Secondly, its election formula must change. It cannot anymore parachute in someone it endorses, push out goodies during the election period, threaten the electorate of the consequences if they don’t vote for the PAP, and hope to win. This is 3rd world electioneering. As Singapore matures as a country, our electorate matures with it. The Singapore electorate is now a highly educated, highly demanding and plural one. The problem is that whilst the electorate has grown up, the PAP has not. It is still campaigning like it did in the 80’s, the 90’s and it simply does not work. In a mature democracy, campaigning is highly sophisticated work. It is an art. It is a science. Just look at the US, the UK, Australia and even Japan. There are media advisors, spin doctors, campaign strategists, sophisticated research going into each and every election and careful planning. The PAP has none. It still believes that simply rolling up its sleeves and doing good work will win it elections. This is just naïve. The electorate has moved on; it is time for the PAP to catch up.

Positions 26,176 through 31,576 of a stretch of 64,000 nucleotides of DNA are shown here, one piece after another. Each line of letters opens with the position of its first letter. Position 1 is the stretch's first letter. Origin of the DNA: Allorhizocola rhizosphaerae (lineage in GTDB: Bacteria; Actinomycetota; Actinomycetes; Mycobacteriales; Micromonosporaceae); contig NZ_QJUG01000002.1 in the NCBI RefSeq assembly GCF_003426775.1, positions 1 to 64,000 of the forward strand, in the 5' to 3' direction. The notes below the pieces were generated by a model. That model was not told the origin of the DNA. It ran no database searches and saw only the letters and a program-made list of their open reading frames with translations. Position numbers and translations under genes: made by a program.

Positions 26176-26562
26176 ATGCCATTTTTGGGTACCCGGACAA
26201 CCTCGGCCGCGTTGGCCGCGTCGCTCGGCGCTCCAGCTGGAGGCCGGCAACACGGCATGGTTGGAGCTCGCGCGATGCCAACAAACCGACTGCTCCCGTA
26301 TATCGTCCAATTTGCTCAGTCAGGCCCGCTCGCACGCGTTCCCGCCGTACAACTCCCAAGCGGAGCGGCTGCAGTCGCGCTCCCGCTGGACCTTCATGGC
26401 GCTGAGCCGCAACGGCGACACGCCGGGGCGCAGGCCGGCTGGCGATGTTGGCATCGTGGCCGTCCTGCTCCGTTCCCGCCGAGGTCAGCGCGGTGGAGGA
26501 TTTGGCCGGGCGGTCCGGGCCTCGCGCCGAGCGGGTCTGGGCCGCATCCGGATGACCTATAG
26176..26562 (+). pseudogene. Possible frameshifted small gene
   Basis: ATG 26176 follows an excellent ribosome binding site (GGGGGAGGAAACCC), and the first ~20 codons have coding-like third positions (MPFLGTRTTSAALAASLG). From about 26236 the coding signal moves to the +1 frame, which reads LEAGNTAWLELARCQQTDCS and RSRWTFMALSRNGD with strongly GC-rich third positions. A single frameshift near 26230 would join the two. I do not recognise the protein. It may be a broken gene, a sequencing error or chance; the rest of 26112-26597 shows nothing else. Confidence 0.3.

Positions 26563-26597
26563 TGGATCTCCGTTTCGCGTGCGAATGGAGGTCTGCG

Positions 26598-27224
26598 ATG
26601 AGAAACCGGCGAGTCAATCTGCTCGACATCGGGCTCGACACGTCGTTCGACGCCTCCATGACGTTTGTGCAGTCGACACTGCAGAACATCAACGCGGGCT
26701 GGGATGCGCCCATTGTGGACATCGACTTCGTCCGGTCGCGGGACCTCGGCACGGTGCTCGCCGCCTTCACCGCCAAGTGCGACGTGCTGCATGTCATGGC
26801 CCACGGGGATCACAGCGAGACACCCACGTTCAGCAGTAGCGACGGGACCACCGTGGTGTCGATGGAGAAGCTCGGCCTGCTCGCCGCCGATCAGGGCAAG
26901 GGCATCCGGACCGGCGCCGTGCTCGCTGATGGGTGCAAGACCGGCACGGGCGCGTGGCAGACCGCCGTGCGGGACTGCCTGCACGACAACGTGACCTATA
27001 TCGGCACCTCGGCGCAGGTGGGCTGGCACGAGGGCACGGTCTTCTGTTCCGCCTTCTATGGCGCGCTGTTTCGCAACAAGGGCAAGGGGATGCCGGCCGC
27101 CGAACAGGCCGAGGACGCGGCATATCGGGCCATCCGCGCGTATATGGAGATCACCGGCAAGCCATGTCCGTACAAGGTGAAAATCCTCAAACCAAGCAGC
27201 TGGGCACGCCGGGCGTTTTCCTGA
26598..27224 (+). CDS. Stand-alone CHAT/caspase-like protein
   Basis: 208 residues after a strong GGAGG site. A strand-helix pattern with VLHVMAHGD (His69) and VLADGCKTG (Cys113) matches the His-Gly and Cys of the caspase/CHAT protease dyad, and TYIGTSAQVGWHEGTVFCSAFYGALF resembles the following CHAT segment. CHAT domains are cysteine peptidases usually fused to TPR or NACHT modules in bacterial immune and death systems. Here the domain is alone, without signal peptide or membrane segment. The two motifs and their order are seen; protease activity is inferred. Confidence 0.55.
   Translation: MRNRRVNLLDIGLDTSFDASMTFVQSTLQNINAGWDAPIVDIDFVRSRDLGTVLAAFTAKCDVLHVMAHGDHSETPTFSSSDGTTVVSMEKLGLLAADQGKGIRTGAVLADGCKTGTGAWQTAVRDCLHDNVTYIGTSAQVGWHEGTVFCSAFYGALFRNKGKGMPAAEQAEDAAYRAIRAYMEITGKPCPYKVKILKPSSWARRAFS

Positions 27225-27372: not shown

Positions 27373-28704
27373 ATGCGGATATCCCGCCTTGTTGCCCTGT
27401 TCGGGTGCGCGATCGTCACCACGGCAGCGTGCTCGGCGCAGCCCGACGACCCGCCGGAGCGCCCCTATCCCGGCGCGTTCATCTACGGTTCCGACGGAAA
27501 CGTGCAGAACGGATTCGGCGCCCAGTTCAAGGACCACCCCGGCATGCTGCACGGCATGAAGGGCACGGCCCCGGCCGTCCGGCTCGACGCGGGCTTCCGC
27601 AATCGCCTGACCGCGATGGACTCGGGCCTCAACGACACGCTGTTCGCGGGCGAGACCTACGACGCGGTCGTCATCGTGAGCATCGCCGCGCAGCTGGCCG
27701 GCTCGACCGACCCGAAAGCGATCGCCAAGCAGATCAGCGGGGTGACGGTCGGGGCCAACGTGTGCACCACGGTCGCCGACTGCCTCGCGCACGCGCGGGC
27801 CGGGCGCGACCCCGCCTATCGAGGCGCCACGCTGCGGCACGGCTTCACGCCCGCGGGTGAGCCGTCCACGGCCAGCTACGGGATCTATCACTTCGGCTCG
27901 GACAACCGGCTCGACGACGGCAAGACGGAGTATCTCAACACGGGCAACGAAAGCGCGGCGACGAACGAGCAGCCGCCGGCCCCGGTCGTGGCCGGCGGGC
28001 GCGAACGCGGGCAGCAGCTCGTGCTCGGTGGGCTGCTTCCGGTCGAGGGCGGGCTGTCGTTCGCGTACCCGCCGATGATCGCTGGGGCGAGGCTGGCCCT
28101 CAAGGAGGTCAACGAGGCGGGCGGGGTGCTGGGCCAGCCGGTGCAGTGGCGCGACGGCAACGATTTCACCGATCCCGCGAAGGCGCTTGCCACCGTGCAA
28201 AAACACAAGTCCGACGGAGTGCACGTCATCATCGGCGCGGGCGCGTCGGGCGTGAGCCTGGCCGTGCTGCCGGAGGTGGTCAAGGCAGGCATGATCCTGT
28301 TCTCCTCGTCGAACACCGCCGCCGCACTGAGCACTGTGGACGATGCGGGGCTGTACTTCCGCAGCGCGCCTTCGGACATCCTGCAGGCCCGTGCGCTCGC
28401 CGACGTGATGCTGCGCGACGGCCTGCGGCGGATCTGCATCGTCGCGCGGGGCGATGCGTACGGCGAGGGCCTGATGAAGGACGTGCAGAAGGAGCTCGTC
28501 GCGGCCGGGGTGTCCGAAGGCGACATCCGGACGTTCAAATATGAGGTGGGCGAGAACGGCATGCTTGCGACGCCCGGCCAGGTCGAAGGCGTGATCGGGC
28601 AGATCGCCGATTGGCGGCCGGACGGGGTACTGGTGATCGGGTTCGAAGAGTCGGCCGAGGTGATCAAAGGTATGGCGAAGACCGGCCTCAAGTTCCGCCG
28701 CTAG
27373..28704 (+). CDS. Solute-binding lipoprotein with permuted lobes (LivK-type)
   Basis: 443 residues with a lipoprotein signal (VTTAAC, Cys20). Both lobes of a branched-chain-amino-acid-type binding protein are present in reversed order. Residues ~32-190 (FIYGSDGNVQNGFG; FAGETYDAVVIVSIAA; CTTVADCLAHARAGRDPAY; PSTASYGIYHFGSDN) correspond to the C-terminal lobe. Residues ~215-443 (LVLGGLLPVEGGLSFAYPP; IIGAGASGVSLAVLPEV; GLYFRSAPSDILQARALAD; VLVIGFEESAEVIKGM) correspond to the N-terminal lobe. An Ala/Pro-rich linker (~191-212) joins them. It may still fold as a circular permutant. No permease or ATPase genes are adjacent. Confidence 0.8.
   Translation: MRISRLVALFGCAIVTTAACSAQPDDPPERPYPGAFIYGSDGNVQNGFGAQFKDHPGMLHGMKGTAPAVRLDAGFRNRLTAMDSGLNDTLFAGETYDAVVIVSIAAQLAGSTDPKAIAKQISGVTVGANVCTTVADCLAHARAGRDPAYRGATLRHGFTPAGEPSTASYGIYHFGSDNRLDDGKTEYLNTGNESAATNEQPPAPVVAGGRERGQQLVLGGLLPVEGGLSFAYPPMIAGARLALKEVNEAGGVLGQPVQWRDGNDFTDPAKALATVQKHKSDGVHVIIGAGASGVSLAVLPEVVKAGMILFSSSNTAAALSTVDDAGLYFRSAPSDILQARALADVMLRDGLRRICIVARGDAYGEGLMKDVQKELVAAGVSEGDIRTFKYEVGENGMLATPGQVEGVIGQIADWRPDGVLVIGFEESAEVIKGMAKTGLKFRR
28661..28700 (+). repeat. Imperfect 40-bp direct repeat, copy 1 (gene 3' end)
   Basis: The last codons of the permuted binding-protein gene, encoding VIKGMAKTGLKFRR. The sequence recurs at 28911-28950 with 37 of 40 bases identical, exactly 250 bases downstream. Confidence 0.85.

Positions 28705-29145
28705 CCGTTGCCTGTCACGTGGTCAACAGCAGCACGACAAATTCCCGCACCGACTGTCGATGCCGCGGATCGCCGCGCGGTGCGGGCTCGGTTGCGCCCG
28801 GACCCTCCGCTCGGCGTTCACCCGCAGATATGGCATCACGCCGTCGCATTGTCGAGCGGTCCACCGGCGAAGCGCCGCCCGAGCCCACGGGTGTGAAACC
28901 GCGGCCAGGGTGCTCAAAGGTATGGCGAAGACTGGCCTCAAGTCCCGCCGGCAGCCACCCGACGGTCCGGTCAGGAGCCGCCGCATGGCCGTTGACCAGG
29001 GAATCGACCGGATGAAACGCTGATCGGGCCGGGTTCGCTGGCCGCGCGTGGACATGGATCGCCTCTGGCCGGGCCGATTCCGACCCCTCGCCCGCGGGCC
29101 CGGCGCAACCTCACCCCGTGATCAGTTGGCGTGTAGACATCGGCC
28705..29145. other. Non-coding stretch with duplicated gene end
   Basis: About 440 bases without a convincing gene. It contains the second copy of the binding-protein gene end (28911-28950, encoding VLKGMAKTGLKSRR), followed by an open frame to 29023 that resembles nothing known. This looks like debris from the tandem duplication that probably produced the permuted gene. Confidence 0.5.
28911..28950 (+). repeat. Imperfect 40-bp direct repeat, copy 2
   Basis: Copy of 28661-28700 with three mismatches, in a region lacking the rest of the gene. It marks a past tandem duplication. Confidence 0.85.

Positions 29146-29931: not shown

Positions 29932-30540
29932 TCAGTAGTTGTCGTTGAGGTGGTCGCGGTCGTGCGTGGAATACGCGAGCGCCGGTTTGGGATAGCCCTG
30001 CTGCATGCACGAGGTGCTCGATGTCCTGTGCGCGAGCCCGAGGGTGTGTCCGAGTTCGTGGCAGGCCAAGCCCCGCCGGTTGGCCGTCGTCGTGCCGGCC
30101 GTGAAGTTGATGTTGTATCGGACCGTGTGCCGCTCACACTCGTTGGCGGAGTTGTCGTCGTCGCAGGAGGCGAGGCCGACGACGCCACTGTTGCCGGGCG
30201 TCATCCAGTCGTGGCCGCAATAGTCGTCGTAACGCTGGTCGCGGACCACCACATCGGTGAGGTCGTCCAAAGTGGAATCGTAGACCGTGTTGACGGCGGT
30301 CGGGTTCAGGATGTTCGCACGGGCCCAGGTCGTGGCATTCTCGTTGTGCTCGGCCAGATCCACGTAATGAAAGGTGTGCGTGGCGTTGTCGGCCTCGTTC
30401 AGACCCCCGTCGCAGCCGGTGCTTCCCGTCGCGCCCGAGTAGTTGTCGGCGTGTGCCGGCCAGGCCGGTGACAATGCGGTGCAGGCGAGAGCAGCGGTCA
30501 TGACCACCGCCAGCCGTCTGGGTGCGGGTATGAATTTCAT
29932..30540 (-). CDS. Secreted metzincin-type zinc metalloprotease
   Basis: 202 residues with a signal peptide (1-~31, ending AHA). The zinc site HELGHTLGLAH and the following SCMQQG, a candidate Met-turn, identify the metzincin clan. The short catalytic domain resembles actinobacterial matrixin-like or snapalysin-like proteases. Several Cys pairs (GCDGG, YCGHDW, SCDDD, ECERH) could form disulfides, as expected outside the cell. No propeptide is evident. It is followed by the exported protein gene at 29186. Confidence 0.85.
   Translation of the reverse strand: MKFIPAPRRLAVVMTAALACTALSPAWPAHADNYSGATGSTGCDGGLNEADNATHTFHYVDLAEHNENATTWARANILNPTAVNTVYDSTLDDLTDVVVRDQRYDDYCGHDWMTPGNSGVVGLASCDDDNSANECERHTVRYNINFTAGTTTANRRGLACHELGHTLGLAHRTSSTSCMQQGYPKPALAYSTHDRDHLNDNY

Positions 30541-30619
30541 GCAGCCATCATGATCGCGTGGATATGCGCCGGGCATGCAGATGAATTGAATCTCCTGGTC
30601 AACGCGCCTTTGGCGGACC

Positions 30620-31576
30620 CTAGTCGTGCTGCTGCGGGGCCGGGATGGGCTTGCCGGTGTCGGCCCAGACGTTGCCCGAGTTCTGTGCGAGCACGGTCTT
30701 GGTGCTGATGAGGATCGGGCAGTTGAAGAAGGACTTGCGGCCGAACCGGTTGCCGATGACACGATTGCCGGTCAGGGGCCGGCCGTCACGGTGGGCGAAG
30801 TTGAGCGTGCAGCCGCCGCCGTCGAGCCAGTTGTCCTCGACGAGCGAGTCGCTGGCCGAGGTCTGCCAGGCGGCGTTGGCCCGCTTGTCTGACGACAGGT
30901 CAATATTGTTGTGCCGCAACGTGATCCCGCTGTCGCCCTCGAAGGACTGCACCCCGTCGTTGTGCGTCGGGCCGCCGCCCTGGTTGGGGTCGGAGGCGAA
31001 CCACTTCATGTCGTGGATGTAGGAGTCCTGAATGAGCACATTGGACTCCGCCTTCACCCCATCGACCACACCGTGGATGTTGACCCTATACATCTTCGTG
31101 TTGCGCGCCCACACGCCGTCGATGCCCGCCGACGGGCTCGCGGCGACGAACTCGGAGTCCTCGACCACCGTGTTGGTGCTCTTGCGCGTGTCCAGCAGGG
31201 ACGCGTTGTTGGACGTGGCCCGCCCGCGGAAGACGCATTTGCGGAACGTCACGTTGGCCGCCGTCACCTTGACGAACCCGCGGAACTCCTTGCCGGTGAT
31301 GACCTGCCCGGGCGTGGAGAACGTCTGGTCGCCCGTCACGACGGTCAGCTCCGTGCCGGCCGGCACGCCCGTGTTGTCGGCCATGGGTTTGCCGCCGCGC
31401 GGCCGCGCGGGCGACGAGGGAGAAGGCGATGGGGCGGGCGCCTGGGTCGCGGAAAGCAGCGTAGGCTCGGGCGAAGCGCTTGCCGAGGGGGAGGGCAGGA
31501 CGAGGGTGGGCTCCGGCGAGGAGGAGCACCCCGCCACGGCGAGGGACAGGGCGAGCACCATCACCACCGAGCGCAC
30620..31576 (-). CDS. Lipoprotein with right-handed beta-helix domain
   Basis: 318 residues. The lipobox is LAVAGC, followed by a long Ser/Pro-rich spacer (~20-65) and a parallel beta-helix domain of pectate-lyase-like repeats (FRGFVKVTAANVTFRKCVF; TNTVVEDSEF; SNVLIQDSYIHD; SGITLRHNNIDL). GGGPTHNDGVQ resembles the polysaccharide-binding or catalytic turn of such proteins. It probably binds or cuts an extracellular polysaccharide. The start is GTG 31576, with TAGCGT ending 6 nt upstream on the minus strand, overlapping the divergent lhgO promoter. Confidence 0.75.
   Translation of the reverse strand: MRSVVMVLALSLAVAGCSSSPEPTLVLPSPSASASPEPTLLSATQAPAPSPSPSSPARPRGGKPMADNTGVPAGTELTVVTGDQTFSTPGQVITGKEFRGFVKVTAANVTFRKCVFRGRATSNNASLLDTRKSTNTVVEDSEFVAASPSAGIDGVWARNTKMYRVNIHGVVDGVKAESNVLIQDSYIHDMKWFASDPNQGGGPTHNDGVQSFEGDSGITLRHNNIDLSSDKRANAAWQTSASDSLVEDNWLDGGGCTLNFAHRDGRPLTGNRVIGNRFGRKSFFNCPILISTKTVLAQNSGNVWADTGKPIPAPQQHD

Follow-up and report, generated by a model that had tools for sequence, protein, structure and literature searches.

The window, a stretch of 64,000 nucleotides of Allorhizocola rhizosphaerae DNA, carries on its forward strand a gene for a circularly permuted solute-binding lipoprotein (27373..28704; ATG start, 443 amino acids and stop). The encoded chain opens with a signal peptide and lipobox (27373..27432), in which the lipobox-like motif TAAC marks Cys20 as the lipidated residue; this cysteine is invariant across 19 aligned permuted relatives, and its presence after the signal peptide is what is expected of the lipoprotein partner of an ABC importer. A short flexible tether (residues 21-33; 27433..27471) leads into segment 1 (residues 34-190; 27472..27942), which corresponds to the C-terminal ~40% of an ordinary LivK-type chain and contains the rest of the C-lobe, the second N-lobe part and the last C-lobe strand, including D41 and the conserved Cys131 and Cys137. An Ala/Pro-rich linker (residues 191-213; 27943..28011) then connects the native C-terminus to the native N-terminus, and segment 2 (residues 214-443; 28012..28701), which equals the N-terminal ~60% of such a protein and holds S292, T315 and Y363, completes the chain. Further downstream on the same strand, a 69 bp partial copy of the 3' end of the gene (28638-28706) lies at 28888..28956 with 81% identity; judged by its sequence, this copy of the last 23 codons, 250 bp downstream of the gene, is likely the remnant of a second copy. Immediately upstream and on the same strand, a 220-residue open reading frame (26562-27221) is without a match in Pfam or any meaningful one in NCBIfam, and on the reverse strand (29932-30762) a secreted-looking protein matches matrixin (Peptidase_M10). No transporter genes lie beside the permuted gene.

Thirdly, the PAP needs to re-discover the skill of pushing through unpopular policies it thinks is good for the good of the nation, and still win elections. This is very hard. Lee Kuan Yew could do it, but can the new generation of leaders? If it can’t then it needs to be popular rather than right. This is the bargain with the devil all politicians in popular democracies must make. The PAP may have to do the same.
The tragedy of all this is that nothing that is happening is new under the sun. We are following in exactly the same path as Western democracies. When political parties have to be popular to win elections, then technocratic policy making has to take a back seat. Politicians have to spend more time politicking then governing, always with one eye on the next election. We have inherited the Westminster system and we should expect very little different to arise from it. There will be 2 parties, one centre-right where the PAP has comfortably sat for 4 decades, and one centre-left, which the WP is moving inexorably into. With multi-cornered fights, people will vote tactically and the 3rd,4th, and other parties will be pushed into the political wilderness. In the end, 2 parties will take turns to govern, with one eye on making sure it wins the next election.
But where will this lead us? Can we end up any different from the countries which have the same fundamental political system as us? Or are we destined to the same fate, whether good or bad?
One can never know the future, but if there is one lesson the PAP will learn from the debacle of Punggol East on the night of 26th January 2013, it is a lesson that all politicians from developed democracies already know in their bones.
It is more important to be popular than to be right.